Hicham El Boukkouri


Re-train or Train from Scratch? Comparing Pre-training Strategies of BERT in the Medical Domain
Hicham El Boukkouri | Olivier Ferret | Thomas Lavergne | Pierre Zweigenbaum
Proceedings of the Thirteenth Language Resources and Evaluation Conference

BERT models used in specialized domains all seem to be the result of a simple strategy: initializing with the original BERT and then resuming pre-training on a specialized corpus. This method yields rather good performance (e.g. BioBERT (Lee et al., 2020), SciBERT (Beltagy et al., 2019), BlueBERT (Peng et al., 2019)). However, it seems reasonable to think that training directly on a specialized corpus, using a specialized vocabulary, could result in more tailored embeddings and thus help performance. To test this hypothesis, we train BERT models from scratch using many configurations involving general and medical corpora. Based on evaluations using four different tasks, we find that the initial corpus only has a weak influence on the performance of BERT models when these are further pre-trained on a medical corpus.

Specializing Static and Contextual Embeddings in the Medical Domain Using Knowledge Graphs: Let’s Keep It Simple
Hicham El Boukkouri | Olivier Ferret | Thomas Lavergne | Pierre Zweigenbaum
Proceedings of the 13th International Workshop on Health Text Mining and Information Analysis (LOUHI)

Domain adaptation of word embeddings has mainly been explored in the context of retraining general models on large specialized corpora. While this usually yields good results, we argue that knowledge graphs, which are used less frequently, could also be utilized to enhance existing representations with specialized knowledge. In this work, we aim to shed some light on whether such knowledge injection could be achieved using a basic set of tools: graph-level embeddings and concatenation. To that end, we adopt an incremental approach where we first demonstrate that static embeddings can indeed be improved through concatenation with in-domain node2vec representations. Then, we validate this approach on contextual models and generalize it further by proposing a variant of BERT that incorporates knowledge embeddings within its hidden states through the same process of concatenation. We show that this variant outperforms plain retraining on several specialized tasks, then discuss how this simple approach could be improved further. Both our code and pre-trained models are open-sourced for future research. In this work, we conduct experiments that target the medical domain and the English language.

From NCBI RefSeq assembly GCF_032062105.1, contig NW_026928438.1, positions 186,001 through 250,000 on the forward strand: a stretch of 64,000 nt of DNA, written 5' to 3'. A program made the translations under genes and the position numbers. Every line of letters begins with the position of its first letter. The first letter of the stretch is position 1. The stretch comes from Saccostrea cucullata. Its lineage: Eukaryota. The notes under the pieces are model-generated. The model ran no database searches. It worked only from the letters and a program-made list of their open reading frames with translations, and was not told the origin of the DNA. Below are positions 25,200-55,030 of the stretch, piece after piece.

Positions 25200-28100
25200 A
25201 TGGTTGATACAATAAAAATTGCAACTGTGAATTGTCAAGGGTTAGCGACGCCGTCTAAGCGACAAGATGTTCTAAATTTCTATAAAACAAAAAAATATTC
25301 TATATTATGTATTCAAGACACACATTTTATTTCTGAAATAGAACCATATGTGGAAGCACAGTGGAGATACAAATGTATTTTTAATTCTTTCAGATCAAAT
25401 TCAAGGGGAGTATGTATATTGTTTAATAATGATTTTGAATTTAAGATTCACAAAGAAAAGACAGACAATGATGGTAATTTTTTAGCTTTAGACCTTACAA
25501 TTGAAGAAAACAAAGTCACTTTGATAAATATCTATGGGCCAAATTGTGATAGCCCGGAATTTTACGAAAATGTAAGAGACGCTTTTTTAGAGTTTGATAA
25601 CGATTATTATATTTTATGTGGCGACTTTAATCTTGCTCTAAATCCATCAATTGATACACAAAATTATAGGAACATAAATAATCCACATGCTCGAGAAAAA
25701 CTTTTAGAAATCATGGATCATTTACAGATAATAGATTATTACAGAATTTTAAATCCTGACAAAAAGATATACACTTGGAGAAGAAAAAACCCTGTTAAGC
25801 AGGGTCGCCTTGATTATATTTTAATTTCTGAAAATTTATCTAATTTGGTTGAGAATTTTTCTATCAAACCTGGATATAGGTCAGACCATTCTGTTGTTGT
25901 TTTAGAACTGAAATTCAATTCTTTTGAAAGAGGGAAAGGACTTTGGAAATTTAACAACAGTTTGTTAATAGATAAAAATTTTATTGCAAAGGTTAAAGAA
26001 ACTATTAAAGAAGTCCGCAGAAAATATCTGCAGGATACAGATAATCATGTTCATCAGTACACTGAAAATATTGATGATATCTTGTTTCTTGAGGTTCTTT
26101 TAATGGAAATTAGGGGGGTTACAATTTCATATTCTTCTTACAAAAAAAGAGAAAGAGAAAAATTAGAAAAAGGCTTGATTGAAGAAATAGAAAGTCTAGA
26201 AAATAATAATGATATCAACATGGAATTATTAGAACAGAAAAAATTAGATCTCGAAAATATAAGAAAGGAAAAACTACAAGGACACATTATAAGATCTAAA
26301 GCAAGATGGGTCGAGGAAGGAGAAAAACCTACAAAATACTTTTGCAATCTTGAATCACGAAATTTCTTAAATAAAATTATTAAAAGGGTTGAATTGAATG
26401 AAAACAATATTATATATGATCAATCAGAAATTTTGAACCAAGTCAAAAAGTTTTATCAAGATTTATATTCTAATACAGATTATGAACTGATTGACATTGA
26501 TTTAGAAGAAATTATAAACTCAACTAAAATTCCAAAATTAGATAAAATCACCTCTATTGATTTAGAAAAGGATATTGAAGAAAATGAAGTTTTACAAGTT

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Differential Evaluation: a Qualitative Analysis of Natural Language Processing System Behavior Based Upon Data Resistance to Processing
Lucie Gianola | Hicham El Boukkouri | Cyril Grouin | Thomas Lavergne | Patrick Paroubek | Pierre Zweigenbaum
Proceedings of the 2nd Workshop on Evaluation and Comparison of NLP Systems

Most of the time, when dealing with a particular Natural Language Processing task, systems are compared on the basis of global statistics such as recall, precision, F1-score, etc. While such scores provide a general idea of the behavior of these systems, they ignore a key piece of information that can be useful for assessing progress and discerning remaining challenges: the relative difficulty of test instances. To address this shortcoming, we introduce the notion of differential evaluation which effectively defines a pragmatic partition of instances into gradually more difficult bins by leveraging the predictions made by a set of systems. Comparing systems along these difficulty bins enables us to produce a finer-grained analysis of their relative merits, which we illustrate on two use-cases: a comparison of systems participating in a multi-label text classification task (CLEF eHealth 2018 ICD-10 coding), and a comparison of neural models trained for biomedical entity detection (BioCreative V chemical-disease relations dataset).


CharacterBERT: Reconciling ELMo and BERT for Word-Level Open-Vocabulary Representations From Characters